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Perturbation of Protein Ubiquitination and Mechanisms of Arsenic Toxicity

  • Author(s): Jiang, Ji
  • Advisor(s): Wang, Yinsheng
  • et al.
Abstract

Arsenite exposure in drinking water and food has long been a health concern for decades because of its cellular toxicity and carcinogenic effects in inducing various cancers and cardiovascular diseases. This research focuses on exploring underlying mechanism accounting for arsenite toxicity, in the aspect of targeting E3 ubiquitin ligases to suppress ubiquitination of substrate proteins, which serve as important signals in multiple functional pathways and proteasome-mediated degradation of proteins.

In chapter 1, I briefly described some background of arsenite toxicity and the role of ubiquitination in cells. I also introduced the application of LC-MS for the analysis of proteome, typically ubiquitin-modified proteome in this study. By employing LC-MS/MS couple with SILAC labeling and affinity enrichment, I was able to identify ~1500 ubiquitinated peptides, of which ~40% peptides were decreased upon arsenite exposure. I did a KEGG pathway analysis and functional categories of the identified proteins and was able to find some interested protein targets that were studied in chapter 2 and chapter 3, including FANCD2 and HMGCR, respectively.

The LC-MS/MS results showed a 50% decrease of FANCD2-K561 ubiquitination upon arsenite treatment. I further demonstrated, for the first time, that arsenite targets the RING finger domain of the E3 ubiquitin ligase, FANCL, to suppress FANCD2 ubiquitination, using MALDI-TOF mass spectrometry and biotin-As pull down coupled with Western blot. This interaction was also found to impair chromatin localization of FANCD2, which is crucial for recruiting downstream repair factors for DNA interstrand crosslink repair. Therefore, for the first time, I revealed a role of arsenite in perturbing the Fanconi anemia pathway for DNA interstrand crosslink repair by targeting the RING finger of FANCL E3 ubiquitin ligase and inhibit FANCD2 monoubiquitination.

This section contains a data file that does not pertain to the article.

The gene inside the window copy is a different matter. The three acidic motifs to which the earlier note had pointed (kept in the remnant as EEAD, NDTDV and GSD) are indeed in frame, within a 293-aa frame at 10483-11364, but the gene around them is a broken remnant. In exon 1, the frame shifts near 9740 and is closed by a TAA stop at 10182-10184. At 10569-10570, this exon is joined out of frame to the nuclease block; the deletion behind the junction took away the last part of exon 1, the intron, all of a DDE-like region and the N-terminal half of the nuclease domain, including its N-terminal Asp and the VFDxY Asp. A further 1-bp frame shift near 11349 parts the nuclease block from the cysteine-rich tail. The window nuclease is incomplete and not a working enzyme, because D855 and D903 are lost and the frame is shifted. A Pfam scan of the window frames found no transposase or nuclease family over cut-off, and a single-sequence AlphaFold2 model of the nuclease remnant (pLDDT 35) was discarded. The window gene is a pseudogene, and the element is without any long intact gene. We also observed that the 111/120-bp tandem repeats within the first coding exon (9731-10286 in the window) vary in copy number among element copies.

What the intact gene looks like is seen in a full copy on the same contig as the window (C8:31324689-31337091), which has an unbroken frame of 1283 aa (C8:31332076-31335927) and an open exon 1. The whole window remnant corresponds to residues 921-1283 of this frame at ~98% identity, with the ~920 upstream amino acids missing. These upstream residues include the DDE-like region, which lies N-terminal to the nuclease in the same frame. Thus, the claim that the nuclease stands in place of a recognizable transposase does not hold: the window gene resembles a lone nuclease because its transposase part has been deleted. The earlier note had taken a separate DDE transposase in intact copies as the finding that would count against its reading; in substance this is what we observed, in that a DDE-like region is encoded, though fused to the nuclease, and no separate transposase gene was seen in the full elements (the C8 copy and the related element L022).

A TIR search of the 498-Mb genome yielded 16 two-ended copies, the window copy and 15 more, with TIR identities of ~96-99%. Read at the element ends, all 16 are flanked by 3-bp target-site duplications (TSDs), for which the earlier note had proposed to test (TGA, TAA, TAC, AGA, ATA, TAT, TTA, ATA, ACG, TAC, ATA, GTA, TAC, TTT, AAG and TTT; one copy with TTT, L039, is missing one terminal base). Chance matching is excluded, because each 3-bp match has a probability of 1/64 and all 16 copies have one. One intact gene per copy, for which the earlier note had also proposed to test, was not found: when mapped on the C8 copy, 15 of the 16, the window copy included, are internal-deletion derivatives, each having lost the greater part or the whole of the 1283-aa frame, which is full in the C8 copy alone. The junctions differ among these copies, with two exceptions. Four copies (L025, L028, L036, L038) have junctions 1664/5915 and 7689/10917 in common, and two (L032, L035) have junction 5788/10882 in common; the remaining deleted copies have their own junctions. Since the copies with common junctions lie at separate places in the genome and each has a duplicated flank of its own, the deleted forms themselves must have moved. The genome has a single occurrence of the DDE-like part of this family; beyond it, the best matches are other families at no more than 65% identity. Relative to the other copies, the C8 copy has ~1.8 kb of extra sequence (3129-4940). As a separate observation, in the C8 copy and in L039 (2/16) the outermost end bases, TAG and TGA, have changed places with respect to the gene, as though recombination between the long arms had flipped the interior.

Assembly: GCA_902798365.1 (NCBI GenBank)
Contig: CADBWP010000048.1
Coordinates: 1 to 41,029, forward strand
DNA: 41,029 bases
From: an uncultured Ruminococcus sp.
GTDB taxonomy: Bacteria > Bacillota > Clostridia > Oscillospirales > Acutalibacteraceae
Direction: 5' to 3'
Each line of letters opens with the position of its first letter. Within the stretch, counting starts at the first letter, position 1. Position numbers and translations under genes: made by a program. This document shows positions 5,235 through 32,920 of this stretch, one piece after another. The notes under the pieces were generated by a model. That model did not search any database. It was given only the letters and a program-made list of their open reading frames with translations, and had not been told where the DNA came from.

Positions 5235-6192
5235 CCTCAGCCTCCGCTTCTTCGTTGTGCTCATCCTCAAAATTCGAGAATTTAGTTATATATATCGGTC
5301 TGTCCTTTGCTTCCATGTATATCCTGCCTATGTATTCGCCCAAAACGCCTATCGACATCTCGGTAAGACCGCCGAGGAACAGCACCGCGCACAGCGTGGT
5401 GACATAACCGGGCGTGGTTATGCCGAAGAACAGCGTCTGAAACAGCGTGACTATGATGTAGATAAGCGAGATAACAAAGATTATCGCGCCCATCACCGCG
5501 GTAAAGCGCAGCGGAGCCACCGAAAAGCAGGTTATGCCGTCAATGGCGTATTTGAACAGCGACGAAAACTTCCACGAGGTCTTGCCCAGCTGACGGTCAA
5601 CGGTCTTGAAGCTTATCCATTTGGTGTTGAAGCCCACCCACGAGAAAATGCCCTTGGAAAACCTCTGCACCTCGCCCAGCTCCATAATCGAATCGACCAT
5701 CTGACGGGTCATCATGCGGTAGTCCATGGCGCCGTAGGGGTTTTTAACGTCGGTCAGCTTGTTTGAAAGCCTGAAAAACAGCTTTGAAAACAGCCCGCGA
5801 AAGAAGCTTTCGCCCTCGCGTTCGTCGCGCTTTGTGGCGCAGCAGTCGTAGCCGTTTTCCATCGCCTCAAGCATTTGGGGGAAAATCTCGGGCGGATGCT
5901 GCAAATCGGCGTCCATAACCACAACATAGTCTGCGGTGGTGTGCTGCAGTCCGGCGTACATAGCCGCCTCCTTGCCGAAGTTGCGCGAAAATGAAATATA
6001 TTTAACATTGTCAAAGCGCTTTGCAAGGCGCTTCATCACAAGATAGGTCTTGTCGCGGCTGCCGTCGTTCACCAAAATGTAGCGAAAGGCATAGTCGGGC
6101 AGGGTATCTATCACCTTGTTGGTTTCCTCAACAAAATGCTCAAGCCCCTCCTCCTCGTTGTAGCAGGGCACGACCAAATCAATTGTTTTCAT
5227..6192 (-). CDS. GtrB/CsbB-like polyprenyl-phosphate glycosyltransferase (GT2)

The LC-MS/MS results also detected a 70% decrease of HMGCR-K248 upon arsenite treatment, which is important for HMGCR degradation and maintain cholesterol homeostasis in mammalian cells. Indeed I found that arsenite could stabilize HMGCR protein level by inhibiting its ubiquitination. This finding suggests a role of arsenite in affecting the cholesterol biosynthesis pathway.

In chapter 4, I further expanded the role of arsenite in targeting E3 ubiquitin ligase by measuring the interaction between arsenite and the E3 ubiquitin ligase RBX1, which is responsible for Nrf2 ubiquitination. This provides a novel insight in arsenite-mediated activation of antioxidant response.

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